Who Owns Jobs: The Government or the Employer?
Reuters has reported that the Donald Trump administration’s pick for head of the U.S. Labor Department has admitted to hiring undocumented immigrants in the past. More specifically, he admitted to employing a foreigner who wasn’t legally allowed to work in the United States as a house cleaner.
The pick, who serves as the chief executive officer of CKE Restaurants Inc, made the revelation on Monday, adding that the employment had taken place for a few years. The statement he released also claimed that he and his wife were unaware that the worker wasn’t allowed to seek employment, but that once they were made aware they terminated her, offering her help to obtain legal status.
This piece of news is sure to be explosive, considering the scrutiny the current administration’s picks for cabinet positions have been receiving in the past months. Nevertheless, this story matters for a much more important reason. After all, who owns the job, the government or the employer?
While countries have boundaries by default due to the state’s need to set rules and impose restrictions on everything from migration to commerce, it is important to remember that only the individual employer owns the job he or she is creating.
Regardless of where you stand on immigration, it is up to the job owner to determine whether a particular individual is fit — or not — to perform the duties available in exchange for what the employer is willing to pay. It is also the employee’s right to accept the offer, whether or not the federal government has wage restrictions imposed. After all, if an unskilled mother of five who has just lost her husband is willing to take a job for $9 per hour, what authority does a lawmaker have to tell her she can only find a job that pays $15?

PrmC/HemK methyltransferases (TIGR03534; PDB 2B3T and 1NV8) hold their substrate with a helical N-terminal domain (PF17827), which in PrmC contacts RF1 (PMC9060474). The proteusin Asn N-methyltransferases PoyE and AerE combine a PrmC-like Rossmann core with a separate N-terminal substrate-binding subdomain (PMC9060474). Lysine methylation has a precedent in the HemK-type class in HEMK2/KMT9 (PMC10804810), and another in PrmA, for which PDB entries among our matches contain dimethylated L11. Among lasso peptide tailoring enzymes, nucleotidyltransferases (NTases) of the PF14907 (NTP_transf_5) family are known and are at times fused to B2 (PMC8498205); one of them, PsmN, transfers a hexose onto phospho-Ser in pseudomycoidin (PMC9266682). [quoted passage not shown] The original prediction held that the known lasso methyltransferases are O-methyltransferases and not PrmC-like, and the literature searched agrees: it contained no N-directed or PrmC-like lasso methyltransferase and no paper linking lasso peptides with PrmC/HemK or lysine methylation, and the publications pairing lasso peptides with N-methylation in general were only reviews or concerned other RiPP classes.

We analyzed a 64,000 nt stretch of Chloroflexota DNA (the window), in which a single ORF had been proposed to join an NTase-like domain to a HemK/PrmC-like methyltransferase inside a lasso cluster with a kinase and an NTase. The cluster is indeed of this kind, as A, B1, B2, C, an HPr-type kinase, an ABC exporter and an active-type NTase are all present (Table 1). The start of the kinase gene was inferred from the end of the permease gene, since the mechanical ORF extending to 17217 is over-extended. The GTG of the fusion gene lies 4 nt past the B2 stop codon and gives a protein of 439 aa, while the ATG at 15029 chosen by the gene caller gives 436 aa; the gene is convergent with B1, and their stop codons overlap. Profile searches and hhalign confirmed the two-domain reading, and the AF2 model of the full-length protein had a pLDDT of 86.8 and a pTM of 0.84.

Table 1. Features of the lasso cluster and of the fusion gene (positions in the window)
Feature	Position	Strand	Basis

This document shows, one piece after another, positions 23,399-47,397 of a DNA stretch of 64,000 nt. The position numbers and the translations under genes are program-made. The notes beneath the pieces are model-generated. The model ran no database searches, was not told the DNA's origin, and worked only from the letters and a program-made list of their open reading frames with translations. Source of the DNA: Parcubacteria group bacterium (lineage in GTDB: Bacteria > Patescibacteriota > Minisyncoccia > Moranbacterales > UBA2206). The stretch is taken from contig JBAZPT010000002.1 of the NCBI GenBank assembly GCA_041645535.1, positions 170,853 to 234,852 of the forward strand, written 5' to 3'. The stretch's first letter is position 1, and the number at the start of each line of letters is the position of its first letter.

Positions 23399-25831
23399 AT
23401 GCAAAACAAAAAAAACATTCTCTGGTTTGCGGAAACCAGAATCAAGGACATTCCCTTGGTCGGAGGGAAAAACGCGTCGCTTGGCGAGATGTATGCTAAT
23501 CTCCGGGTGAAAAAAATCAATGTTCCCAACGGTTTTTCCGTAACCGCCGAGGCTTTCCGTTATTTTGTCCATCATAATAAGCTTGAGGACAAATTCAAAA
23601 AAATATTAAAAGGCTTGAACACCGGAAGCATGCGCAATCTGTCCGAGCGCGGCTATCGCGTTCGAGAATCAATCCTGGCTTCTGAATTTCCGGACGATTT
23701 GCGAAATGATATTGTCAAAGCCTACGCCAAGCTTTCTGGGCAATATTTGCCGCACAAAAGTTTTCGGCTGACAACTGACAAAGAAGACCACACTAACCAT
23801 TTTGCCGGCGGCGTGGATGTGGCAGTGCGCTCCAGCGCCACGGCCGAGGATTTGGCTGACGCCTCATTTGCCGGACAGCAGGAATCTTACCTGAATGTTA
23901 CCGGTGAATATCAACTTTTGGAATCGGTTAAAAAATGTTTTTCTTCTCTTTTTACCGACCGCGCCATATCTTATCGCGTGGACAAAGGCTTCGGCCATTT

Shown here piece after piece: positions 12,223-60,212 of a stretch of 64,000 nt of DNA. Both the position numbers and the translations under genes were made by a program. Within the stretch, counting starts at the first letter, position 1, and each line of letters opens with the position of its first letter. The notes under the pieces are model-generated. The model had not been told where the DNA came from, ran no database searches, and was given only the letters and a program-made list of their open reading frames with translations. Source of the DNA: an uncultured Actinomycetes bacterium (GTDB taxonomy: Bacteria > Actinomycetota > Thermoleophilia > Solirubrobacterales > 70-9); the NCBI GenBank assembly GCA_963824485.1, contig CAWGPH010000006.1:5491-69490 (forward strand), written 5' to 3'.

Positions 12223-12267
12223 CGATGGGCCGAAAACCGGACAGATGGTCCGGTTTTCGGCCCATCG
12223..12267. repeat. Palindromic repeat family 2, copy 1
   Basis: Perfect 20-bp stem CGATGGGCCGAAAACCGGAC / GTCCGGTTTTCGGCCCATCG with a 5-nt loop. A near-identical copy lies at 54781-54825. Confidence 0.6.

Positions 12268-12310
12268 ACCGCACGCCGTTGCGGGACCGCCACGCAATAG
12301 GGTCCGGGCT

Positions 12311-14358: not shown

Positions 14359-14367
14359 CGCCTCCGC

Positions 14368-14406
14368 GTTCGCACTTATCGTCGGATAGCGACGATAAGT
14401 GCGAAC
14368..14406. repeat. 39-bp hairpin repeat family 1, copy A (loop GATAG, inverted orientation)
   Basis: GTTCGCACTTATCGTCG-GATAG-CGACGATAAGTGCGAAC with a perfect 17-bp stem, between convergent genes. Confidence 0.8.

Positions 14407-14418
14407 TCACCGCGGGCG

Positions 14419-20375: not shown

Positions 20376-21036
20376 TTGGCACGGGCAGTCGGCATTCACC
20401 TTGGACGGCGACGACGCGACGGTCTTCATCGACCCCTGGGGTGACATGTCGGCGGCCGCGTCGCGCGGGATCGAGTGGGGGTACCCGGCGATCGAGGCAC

Employers willing to pay that much will undoubtedly hire someone with skills, leaving this poor individual out of the workforce and, what’s worse, in the hands of the welfare state.
When it comes to immigration, racism and security concerns aren’t what’s at stake. Instead, we must understand the basic principle of economics: supply and demand. If there’s a demand for workers willing to take on certain jobs and a supply of workers willing to do them, it will happen. Whether the government allows it or not.
Allowing individual job creators to take on the burden of understanding this risk makes them better employers, which also helps the country, by making sure that only hard workers who keep their promises and follow local rules are getting employed. When government imposes restrictions, workers are forced into the shadows. Putting their lives, the lives of their children, and employers at risk.